Davis Patch



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Davis Patch is a local news site associated with Aol and The Huffington Post presenting what they call "hyperlocal journalism," events, blogs, videos and more. It aspires to be a hub of local news and information in Davis. Tons of the content is delivered on Facebook and Twitter.

As of October 15, 2013, Davis Patch no longer has an editor or any local staff. Aol [WWW]laid off more than 400 Patch employees in August, so the company now has [WWW]three types of sites: Staffed, Lightly Staffed, and Unstaffed. Davis and all other Sacramento-area sites are now unstaffed. They'll only receive content from Patch headquarters and posts by users.

Former editor, JustinCox22, was a pretty friendly guy—and a good resource if you have a question about Davis you want answered. ([WWW]He departed in June of 2013, but the site will get a new editor in the near future). For example, when a wiki user e-mailed him after questions came up on the wiki about protesters against Mori Seiki over I-80, he did some investigation, wrote up a story, and [WWW]added the info to the wiki within a day. It's funny how sometimes one man gives the entire staff of The Davis Enterprise a run for their money in covering timely news.

The website consists of a full-time editor and a team of paid freelancers who produce the news content. That is supplemented by unpaid bloggers and commenters. The model (which is for profit) is similar to the Huffington Post's use of unpaid volunteers which has [WWW]been criticized in the past for publishing content written by professional writers who are not paid. The news ranges from university coverage and [WWW]city government to [WWW]arts and [WWW]entertainment. Stories are often told through [WWW]videos. Davis Patch articles have been known to reference and [WWW]link to the wiki. Davis Patch also has [WWW]business listings which are fairly thorough in their basic information but haven't yet been fleshed out with many reviews and opinions. Business owners/managers can [WWW]claim their listing and play a partial admin role on their page.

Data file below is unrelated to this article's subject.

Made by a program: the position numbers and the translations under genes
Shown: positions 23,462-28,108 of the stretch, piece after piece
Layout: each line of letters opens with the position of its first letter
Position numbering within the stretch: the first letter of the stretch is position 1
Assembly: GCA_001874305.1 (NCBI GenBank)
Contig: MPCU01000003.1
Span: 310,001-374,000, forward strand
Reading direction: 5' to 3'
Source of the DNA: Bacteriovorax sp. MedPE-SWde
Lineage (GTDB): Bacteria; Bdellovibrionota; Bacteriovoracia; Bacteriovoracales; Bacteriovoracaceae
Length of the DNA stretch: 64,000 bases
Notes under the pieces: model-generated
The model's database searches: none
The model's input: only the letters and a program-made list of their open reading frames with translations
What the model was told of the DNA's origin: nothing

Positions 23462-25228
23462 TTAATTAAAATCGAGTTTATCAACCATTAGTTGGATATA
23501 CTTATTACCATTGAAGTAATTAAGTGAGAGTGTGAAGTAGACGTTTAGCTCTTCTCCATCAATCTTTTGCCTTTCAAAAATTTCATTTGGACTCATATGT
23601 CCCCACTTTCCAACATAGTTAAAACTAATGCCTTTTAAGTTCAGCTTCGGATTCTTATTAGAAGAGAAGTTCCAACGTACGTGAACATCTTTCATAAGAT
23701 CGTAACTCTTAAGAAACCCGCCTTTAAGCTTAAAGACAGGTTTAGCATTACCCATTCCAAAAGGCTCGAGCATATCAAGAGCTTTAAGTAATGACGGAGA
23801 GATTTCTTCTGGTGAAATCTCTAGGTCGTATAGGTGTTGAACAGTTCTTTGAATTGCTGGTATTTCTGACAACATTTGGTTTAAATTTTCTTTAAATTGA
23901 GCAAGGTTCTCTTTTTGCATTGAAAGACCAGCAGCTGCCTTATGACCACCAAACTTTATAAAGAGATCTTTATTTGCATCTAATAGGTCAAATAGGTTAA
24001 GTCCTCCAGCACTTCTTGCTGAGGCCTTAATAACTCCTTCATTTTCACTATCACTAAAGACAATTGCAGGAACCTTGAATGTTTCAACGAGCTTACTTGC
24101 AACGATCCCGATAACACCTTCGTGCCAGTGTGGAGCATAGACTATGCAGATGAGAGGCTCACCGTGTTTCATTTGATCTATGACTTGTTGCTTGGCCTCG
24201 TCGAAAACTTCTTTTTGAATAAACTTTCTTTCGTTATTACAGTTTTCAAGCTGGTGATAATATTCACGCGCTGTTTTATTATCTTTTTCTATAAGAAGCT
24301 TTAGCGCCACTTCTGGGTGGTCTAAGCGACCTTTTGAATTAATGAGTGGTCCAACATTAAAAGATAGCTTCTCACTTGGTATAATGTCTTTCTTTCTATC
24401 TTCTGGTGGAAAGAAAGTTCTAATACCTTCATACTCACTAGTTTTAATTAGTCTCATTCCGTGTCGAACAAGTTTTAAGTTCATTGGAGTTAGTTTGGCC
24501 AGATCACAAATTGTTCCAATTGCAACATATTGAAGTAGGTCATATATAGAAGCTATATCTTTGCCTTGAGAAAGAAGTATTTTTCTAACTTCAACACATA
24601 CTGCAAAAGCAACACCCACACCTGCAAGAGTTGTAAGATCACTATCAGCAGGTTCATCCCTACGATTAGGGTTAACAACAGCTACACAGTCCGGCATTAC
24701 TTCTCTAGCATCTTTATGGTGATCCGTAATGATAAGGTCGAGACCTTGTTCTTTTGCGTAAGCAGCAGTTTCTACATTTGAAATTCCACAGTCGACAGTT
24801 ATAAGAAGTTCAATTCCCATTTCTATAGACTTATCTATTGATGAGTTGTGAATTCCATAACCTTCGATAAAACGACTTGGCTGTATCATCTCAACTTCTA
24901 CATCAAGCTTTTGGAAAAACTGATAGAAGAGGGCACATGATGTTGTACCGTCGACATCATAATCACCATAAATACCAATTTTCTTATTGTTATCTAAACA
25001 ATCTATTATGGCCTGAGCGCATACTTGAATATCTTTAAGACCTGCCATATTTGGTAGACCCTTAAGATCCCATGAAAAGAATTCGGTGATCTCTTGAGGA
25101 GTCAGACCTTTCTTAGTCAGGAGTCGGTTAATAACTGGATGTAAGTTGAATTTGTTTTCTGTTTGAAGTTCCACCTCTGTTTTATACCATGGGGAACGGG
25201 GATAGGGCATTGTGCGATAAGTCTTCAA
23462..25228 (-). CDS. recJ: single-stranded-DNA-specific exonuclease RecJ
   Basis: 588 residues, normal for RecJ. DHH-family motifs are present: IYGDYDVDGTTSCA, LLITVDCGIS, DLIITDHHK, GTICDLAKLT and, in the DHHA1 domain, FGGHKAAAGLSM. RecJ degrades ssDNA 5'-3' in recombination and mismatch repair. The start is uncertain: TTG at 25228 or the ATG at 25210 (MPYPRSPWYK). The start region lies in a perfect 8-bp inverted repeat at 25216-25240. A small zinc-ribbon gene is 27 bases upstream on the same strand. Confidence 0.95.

Weather: The site also has a nifty little drop-down weather indicator up at the top of the screen. Interestingly, it appears to get its weather from the [WWW]El Macero weather station, which is technically not in Davis (south of S. El Macero Dr., outside the Mace Ranch Country Club), rather than one located in Davis itself. In the summer it often reads a couple of degrees cooler than the other two stations in Davis (corner of Glacier and Olympia, and somewhere around Mace and Cowell).

$100K to Davis Schools:Davis Patch gave $100,000 to the Davis Joint Unified School District when Kristy Powell's family on Candy Cane Court won the site's [WWW]Deck the House contest in early 2012. Davis dominated the contest, getting about 4,000 more votes than the second-place house.


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2011-06-21 17:09:05   Seems like they're going after the for-profit version of DavisWiki. —jefftolentino

2011-06-21 17:12:56   BRB crowd-sourcing and making money off of it. —hankim